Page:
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‘And the governor to be has passed on’ – Part 1

By Afis Oladosu
26 November 2021   |   2:43 am
Brethren, he was a former governor of our village, of our city- and how sad human existence could be; an existence that can only be referenced either in the present or in the past

In the name of the Almighty, the Beneficent the Merciful

Death, which you are running away from, will certainly catch up with you. Then you will be returned to the Knower of the Unseen and the Visible and He will inform you about what you did.”Qur’an 62:8

Brethren, he was a former governor of our village, of our city- and how sad human existence could be; an existence that can only be referenced either in the present or in the past. He was a former Senator- and how empty earthly opportunities and positions could become- opportunities and positions that are sweet, enjoyable and pleasurable simply because they never last. Like sexual relations, earthly pleasures are like illusions- they are ‘discharged’ as soon as they are tasted.

He was a former governorship aspirant. Yes. Nothing pays better in this clime than public office. Thus, like the proverbial chair in the theatre, which goes round, and round without end, a former governor could become a former Senator who could become a local government Chairman who could become a local government councilor. To be a politician is an experience only the politician can tell. The other day an intellectual icon was offered an unsolicited portfolio in the cabinet of a former governor, the former exclaimed in wonderment: “Could you imagine that? I Professor XYZ as Commissioner; in whose cabinet in this state please?”

But life is all about choices. Before he passed on last Sunday, our brother had achieved earthly successes the like of which thousands of politicians would continue to envy. He had seen it all, so we thought. “But I have not seen and cannot see it all”, he would have argued. But who can actually see it all? Those of the world would always want to “see” it all. To be in the world and of the world is to lose it all. To lose it all is to be in the world. To be in the world is to fail to spare a thought that the bell could ring at any particular point in time. But again, show me a politician who cares what happens tomorrow. The hallmark of political correctness is to build castles in a future one is destined never to witness.

Thus it came to pass that hour before he died, plans were being made on how he would emerge, once again, as the governor of our village. Strategies were being marshaled. Campaign leaflets and mementoes were being produced. Hours before he passed on, he had joined the social gathering in town. Political jobbers had found new castles in his house to inhabit. Praise-singers had found new patronage in his persona to adulate. Once again the town was rising again, so it seemed. Nobody knew he had only a couple of hours left to spend on earth, not days, not months, not years. Agents from the celestial had already begun to do the count-down for him. The “stones” of life were being counted out for our brother at a time neither his wife, his aides, his children nor the coterie of political jobbers who usually camp on the margins of social events like vultures in search of prey, knew they were looking at a subject whose last day on earth remained only a few hours.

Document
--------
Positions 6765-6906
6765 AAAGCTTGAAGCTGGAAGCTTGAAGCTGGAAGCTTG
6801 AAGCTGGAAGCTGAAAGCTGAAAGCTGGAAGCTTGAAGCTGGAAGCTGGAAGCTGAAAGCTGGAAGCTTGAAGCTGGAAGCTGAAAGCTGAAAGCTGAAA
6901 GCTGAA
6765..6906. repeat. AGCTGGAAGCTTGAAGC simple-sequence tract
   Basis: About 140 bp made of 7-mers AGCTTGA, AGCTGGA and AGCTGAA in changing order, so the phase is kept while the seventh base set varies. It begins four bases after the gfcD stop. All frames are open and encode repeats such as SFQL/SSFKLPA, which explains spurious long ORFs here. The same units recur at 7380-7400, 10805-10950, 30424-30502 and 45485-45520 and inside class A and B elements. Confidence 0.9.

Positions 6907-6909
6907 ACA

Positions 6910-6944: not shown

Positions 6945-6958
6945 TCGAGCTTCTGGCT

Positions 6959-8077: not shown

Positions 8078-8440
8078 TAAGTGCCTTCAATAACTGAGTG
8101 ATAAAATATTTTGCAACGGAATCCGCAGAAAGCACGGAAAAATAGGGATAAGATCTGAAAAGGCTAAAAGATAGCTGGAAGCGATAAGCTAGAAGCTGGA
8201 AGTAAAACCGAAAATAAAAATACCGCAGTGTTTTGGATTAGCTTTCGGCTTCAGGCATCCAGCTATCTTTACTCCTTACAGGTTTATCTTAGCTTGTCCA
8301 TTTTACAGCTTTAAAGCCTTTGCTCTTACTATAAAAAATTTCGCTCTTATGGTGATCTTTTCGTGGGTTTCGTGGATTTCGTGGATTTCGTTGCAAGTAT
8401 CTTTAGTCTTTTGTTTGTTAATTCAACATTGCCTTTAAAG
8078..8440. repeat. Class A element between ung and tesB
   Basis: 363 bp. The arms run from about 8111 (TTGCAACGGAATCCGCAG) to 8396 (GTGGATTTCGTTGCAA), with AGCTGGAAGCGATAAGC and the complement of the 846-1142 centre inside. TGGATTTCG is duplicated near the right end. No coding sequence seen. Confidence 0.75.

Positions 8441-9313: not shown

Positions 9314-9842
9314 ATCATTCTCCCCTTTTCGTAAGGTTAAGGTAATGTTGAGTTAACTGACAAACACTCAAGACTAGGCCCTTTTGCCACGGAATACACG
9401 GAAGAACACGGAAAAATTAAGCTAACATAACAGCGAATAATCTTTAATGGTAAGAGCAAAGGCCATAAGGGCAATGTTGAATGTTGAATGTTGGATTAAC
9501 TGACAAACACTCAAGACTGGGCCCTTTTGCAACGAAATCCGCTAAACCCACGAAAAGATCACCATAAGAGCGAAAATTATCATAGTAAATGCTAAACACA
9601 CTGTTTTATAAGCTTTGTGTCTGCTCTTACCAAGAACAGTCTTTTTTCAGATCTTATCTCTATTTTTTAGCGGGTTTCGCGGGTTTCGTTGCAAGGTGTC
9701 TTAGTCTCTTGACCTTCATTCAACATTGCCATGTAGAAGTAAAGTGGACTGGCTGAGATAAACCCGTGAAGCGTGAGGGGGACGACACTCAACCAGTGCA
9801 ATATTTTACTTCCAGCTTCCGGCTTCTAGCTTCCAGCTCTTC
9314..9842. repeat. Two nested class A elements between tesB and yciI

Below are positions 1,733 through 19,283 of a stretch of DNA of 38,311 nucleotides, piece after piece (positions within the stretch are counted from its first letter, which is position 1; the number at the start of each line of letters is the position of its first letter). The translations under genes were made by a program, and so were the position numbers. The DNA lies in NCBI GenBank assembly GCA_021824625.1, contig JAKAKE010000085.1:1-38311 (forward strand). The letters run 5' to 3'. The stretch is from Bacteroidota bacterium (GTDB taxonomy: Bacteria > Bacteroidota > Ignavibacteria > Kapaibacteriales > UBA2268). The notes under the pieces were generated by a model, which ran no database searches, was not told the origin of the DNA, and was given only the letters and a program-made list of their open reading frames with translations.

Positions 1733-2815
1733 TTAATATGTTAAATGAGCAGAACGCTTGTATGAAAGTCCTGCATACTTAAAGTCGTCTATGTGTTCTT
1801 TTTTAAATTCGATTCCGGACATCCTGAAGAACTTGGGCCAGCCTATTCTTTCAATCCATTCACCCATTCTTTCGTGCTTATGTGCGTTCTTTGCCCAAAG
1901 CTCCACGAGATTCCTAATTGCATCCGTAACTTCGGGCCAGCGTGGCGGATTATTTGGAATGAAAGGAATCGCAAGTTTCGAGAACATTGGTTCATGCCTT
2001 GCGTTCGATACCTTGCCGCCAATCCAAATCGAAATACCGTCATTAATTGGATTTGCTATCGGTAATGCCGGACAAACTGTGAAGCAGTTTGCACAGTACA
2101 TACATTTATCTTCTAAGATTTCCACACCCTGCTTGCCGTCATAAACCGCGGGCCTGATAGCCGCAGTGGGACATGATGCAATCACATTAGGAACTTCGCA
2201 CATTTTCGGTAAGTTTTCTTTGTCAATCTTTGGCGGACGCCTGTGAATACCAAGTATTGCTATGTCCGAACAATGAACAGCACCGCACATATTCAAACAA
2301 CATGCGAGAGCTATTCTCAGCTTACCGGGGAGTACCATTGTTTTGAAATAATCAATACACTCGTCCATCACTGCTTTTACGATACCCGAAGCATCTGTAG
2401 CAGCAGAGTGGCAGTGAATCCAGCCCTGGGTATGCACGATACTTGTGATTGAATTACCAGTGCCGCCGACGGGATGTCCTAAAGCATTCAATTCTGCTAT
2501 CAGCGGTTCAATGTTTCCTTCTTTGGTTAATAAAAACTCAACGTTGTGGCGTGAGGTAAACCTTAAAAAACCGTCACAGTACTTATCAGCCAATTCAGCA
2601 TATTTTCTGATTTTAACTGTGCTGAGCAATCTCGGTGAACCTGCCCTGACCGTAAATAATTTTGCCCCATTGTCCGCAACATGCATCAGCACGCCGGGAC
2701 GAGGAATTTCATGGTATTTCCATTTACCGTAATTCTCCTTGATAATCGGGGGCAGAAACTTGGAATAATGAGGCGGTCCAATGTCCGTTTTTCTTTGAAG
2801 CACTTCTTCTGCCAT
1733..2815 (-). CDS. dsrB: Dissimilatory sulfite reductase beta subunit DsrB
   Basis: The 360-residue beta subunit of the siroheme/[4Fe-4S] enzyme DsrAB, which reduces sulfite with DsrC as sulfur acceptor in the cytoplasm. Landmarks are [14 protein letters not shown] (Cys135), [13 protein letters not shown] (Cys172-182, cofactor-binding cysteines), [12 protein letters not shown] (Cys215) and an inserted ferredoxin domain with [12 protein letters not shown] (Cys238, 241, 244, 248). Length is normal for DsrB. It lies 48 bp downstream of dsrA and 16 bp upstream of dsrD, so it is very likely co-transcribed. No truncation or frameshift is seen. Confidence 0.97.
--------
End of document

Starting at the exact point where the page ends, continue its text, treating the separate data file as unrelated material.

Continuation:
Sometimes when I ponder the reality of our lives, I marvel at the illusion in which most of us are steeped; the rain that led to the destruction of the people of Lut began like droplets. When it started, the people of Lut brought out their pots and utensils to fetch water; little did they know that it was not rain but destruction. There is no way humans could know the unknown and the unknowable.

I thought we could seize this opportunity to re-learn what Islam has always striven to teach us: that nothing in life shall be important once it is time for you and me to expire; that death would come not at your own behest or that of mine. Remember that it is an infraction against our faith to situate our faith in entities who are by and in themselves pawns in the chessboard of the Almighty. No human power can fathom or control death- that reality which lies like a camel at our doorsteps waiting to be ridden by all to the great beyond. My Sister, to come to life, to emerge from the wombs of our mother is to keep an important and inevitable appointment with the destroyer of all happiness. It means we are permanently at the mercy of the ‘silent crawler’.

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Afis Ayinde Oladosu Ph.D
Professor of Middle Eastern, North African and Cultural Studies,
Department of Arabic and Islamic Studies,
University of Ibadan, Nigeria

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